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Agency Responsibilities to Recruit and Assess High Quality Candidates

Tuesday, March 26, 2002
Human Resources Directors
Kay Coles James, Director
Agency Responsibilities to Recruit and Assess High Quality Candidates

As you know, we are facing an environment where many Federal employees soon will be eligible to retire, the knowledge gap is widening, and the job market is more competitive than ever. A strong commitment to improving the Federal hiring process and recruiting the very best candidates is critical, and an underlying factor in your agency's performance on the human capital measure of the President's Scorecard.

Recently, we have noted at least four unacceptable practices that can prevent agencies from being most effective in their recruitment efforts.

  • Job Qualification Descriptions. An increasing number of job announcements describe qualifications too narrowly. Although they must be job-related, qualifications should not be so agency-specific that only applicants who have worked for your agency qualify for consideration. Requiring that applicants must have prior agency or government experience may eliminate from consideration many talented individuals who are in fact highly qualified for the position.
  • Policies on Receipt of Applications. While we encourage agencies to take full advantage of technology by accepting on-line applications, they must not restrict individuals who do not have Internet access from being able to apply. Agencies may require submission of applications in a particular format or form, but must not require only electronic submission. Job announcements can and should encourage electronic filing, but must provide information about alternative methods or a contact for those who do not have Internet access.
  • Contact Information. The job announcement is one of the most important recruitment tools. To present your agency in its best light, announcements should be clear, specific and accurate. Every job announcement must have a point of contact and phone number. Ensure that telephones and automated systems are staffed with professional, knowledgeable representatives who are informed about the positions advertised and the application process.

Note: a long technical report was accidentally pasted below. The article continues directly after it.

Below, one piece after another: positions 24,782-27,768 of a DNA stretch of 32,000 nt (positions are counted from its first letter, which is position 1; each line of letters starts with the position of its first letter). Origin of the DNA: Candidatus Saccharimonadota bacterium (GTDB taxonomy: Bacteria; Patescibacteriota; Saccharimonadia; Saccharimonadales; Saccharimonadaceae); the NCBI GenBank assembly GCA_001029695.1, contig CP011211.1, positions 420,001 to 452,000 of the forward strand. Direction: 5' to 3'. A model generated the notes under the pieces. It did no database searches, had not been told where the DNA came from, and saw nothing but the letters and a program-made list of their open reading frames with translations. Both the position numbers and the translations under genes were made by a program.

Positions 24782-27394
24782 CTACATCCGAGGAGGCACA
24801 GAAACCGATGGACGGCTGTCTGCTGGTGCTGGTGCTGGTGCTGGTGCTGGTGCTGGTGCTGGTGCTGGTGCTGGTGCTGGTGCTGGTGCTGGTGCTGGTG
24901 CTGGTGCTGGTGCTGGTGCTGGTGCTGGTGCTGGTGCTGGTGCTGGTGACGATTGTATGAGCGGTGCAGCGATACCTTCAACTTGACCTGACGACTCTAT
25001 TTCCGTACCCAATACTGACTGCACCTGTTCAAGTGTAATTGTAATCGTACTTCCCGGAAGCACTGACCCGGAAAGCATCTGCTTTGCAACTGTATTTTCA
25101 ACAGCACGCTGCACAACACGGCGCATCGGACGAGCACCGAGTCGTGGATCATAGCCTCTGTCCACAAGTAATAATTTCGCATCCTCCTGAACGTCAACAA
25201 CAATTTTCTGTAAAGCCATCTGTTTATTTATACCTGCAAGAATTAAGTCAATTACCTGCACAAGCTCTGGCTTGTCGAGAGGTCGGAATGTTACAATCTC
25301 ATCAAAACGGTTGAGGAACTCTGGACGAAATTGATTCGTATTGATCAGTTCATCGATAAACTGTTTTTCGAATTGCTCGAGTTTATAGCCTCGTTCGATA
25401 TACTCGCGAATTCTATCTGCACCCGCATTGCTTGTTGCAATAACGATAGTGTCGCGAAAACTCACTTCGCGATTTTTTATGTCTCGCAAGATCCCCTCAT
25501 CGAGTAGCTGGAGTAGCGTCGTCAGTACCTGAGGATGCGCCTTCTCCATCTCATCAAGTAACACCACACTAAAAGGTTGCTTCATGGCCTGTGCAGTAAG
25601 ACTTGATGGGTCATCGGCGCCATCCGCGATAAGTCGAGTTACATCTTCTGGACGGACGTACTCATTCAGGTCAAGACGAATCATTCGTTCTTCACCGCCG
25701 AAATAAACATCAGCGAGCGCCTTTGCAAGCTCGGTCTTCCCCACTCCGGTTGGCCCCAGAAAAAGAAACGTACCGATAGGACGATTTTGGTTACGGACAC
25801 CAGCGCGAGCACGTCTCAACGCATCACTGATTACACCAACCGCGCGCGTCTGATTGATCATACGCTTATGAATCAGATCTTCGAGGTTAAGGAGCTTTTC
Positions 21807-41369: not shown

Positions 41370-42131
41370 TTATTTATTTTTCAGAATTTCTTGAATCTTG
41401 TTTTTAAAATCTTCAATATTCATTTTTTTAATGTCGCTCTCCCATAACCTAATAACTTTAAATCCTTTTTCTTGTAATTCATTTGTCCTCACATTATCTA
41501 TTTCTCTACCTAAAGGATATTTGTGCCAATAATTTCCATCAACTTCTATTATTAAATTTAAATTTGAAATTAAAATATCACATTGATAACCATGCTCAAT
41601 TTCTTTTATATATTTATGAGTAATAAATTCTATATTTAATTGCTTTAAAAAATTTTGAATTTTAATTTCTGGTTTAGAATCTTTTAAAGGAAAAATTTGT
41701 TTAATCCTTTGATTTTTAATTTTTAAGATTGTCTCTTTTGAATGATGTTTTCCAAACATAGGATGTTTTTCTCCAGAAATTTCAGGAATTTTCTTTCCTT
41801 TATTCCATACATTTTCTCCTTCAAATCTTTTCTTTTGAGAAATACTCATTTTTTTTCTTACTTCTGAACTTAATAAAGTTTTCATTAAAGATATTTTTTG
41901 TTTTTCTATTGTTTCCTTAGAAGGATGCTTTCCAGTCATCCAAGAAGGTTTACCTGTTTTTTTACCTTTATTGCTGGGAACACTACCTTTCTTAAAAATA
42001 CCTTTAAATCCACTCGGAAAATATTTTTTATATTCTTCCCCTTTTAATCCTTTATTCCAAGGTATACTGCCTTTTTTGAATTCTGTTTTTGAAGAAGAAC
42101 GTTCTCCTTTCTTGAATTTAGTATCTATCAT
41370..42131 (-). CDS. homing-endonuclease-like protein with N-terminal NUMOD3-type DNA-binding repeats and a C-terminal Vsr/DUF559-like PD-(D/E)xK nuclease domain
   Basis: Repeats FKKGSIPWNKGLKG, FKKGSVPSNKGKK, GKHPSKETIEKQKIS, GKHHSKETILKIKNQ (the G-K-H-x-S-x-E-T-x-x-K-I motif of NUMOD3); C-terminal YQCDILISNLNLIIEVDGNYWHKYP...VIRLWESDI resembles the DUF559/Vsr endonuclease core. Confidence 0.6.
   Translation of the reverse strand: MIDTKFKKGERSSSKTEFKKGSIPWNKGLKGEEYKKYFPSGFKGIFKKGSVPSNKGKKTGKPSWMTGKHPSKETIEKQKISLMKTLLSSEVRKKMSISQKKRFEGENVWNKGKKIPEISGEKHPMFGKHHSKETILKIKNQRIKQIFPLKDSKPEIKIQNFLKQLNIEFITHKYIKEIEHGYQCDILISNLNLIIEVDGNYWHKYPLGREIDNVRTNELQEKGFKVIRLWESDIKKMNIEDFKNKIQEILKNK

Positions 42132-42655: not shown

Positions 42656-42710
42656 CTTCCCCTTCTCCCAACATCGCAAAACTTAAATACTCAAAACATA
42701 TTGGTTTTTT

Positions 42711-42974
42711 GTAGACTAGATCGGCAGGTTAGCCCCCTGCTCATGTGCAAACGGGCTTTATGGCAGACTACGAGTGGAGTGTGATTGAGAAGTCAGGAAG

• Assessment Tools. To choose the best assessment tool, agencies should consider the benefits and limitations of each. A test can assess either a small or large number of applicants. On the other hand, a structured panel interview is one of the best tools for assessing qualifications when the applicant pool is small, or has been filtered through other selection procedures. Regardless of the tool, it should be administered correctly. For example, when using a structured interview:

Ø Standardize the interviews so that each applicant is asked the same questions,

Ø Evaluate applicant responses against pre-determined benchmarks,

Ø Use subject matter experts (including non-career personnel, if appropriate) as panelists, and

Ø Train the panelists on rating procedures.

Even without regulatory or statutory changes, there are positive steps agencies can and should take today to improve recruitment, make employment offices more customer-focused, attract the highest caliber candidates to public service, and assess them effectively.

OPM is available to provide further advice and guidance on how to recruit and assess high quality candidates, including in-depth assistance and quick response "strike force" teams to service your needs. Your Director of Human Resources may contact Richard A. Whitford, our Acting Associate Director for Employment Service, on (202) 606-6500 whenever they would like advice or assistance with their recruiting efforts.

cc: Directors of Human Resources
       Directors of Operating Human Resources Offices